What began as a crisis relevant only to a single country transformed into a global extremity in a matter of months and is at the center of the entire world’s attention. The truth is that the reality of the COVID-19 pandemic, more commonly known as the coronavirus, and its internationally scaled impact has been especially difficult to grasp because of its rapid spread; in that, although it is the topic of conversation, the idea that the world is in one of the biggest global health and economic crisis since the outbreak of Ebola and the Great Recession seems unreal. 

      Though the complete history of the virus is still a mystery, there are important facts about it and its origin that were discovered: COVID-19 is a disease that developed from the family of virus called coronaviruses, the development of COVID-19 was caused by the new bat-carried coronavirus SARS-CoV-2, the first reported cases of the virus were in Wuhan, China, and it has similar symptoms as the common cold and flu.

Photo courtesy of Feature China/Barcroft Media
Wuhan, China, on March 25th after it was re-opened.

      The main reason for the almost instantaneous spread of the virus was lack of information. According to the New York Times, on January 11th, 2020, China had reported the death of the first victim of COVID-19; at this time, the threat of the virus was not known to the extent that it is today, and travel around China during this time was frequent. Nine days later, multiple confirmed cases were recorded outside of China, including the U.S., Japan, and Thailand. 

      Throughout February, the total number of confirmed cases continued to increase exponentially as did the death toll in China (NYT reports, by February 11th, China had 44,653 cases and 1,113 deaths). On February 23rd, the first notable surge of the virus after China was seen in Italy; due to the outbreak, the country was under shutdown, but containment of the disease was a struggle regardless. 

Photo courtesy of Johns Hopkins University
A screenshot of the COVID-19 Map provided by Johns Hopkins University that shows the total number of confirmed cases and where these cases were reported.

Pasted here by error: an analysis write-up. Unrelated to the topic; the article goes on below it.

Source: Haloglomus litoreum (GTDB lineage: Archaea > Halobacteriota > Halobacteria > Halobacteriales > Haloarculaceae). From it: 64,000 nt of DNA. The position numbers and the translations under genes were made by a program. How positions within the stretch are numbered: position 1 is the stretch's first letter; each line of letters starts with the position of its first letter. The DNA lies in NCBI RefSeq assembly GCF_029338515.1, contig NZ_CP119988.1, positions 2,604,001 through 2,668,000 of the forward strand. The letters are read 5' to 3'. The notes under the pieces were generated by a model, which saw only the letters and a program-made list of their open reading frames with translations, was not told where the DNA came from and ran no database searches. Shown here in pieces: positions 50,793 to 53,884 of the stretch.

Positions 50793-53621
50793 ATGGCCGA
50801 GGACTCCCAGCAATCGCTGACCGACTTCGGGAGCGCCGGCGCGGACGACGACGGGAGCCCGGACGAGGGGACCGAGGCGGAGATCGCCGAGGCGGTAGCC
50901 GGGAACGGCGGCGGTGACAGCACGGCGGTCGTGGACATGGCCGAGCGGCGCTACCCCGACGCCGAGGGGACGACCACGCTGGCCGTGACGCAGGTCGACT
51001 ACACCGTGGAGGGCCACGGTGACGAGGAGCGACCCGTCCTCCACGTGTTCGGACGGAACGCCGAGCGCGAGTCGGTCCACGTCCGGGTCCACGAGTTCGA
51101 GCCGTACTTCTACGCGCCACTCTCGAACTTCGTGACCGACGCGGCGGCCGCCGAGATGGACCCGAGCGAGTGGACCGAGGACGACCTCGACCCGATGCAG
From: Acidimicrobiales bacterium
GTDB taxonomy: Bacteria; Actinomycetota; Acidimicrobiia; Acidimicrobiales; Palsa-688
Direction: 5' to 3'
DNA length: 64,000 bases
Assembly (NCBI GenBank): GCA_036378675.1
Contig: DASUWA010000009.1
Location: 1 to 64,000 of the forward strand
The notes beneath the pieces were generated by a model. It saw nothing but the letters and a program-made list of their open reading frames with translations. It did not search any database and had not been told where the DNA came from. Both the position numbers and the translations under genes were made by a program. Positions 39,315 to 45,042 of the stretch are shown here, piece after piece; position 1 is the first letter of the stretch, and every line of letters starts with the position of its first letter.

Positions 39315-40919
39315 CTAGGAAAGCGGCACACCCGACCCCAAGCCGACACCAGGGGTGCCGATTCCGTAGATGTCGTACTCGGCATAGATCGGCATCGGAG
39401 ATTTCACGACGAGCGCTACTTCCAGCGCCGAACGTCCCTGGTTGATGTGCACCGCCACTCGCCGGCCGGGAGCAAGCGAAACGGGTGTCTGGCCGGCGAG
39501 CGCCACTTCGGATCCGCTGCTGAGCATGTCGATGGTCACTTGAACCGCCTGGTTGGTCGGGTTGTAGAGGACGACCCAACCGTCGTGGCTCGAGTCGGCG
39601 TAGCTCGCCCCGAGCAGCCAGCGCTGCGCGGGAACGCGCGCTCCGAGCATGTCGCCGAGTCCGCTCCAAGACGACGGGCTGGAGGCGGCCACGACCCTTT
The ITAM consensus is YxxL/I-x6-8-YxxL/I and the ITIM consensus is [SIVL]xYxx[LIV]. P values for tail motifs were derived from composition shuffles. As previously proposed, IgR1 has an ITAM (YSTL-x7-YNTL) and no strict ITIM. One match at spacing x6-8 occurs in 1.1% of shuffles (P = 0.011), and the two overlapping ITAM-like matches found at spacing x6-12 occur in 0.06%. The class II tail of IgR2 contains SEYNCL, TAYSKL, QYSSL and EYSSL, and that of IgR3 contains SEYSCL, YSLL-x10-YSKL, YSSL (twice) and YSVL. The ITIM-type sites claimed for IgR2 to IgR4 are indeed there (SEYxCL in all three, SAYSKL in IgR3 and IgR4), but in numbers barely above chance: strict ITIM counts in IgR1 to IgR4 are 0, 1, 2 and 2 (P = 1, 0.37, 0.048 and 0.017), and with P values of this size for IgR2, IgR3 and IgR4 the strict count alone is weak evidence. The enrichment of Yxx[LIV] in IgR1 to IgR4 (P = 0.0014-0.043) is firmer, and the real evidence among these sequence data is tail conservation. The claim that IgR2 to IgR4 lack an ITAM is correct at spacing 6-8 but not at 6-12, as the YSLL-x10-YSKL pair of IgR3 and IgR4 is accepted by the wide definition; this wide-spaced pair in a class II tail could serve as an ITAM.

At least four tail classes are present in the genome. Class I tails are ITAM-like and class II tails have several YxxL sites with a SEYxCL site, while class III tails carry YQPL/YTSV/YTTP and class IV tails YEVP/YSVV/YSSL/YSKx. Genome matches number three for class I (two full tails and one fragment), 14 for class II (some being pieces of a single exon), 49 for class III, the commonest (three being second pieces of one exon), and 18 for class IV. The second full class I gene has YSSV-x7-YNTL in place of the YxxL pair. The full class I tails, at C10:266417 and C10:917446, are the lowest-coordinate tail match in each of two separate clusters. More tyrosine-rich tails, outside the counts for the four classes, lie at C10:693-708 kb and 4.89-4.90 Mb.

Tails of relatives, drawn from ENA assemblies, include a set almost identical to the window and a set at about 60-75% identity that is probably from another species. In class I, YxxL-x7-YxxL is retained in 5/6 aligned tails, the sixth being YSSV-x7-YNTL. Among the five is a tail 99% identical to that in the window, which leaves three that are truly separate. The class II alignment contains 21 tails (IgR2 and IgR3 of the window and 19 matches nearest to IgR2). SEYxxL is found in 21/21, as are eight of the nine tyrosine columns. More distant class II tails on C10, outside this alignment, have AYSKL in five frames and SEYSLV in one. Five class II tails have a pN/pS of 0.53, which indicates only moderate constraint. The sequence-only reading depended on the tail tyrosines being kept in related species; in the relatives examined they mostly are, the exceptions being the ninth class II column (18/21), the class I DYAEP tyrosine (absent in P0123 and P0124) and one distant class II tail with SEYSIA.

The disease began to proliferate in the United States in early March. Though President Trump took measures to prevent the spread of the virus like banning travel to and from China and European countries by March, the confrontation between the COVID-19 pandemic and Americans was inevitable. On March 13, the president announced a national emergency. Even prior to this declaration, states had taken actions to encourage social distancing like closing schools and asking non-essential workers to stay home; however, after the president made the announcement, almost all states began to follow suit. 

      For instance, the governor of the state of Virginia, Ralph Northam made the decision to close all Virginia schools for two weeks, from March 16 to March 27. This quickly changed, however, and on March 23rd, when Governor Northam announced that all Virginia schools would be closed for the rest of the academic year. 

      In response to this, Fairfax County Public Schools, and other schools nation-wide that no longer have access to school buildings, looked online and at a program called “Blackboard Collaborate.” Albeit there were issues with this application, the county was able to fix the problems and continue to work as diligently as possible in a situation that is constantly changing. 

Photo courtesy of FCPS Instagram Page
Fairfax County Public Schools serves lunch to students who are a part of the Free and Reduced Program.

      With the closing of schools, students who are a part of the Free and Reduced Lunch programs were put in a vulnerable situation. Luckily, the superintendent of FCPS, Scott Brabrand, put out a message about “grab and go food distribution” sites at which students in the F&RL plan would be able to get food in different locations throughout the county. 

      Westfield has taken its own approach to adapt to distance learning and virtual schooling. Along with Blackboard and Blackboard Collaborate, teachers have been using Google Classroom to assign students work and other engaging activities. Also, through social media platforms like Youtube and Instagram, staff and students have been reaching out to the community with encouraging messages and advice on how to practice social distancing while also keeping mental health in mind. 

     As the Westfield community strides forward to end this eventful school year strong, many are looking ahead and thinking about what the future will hold in terms of schooling for the 2020-21 school year.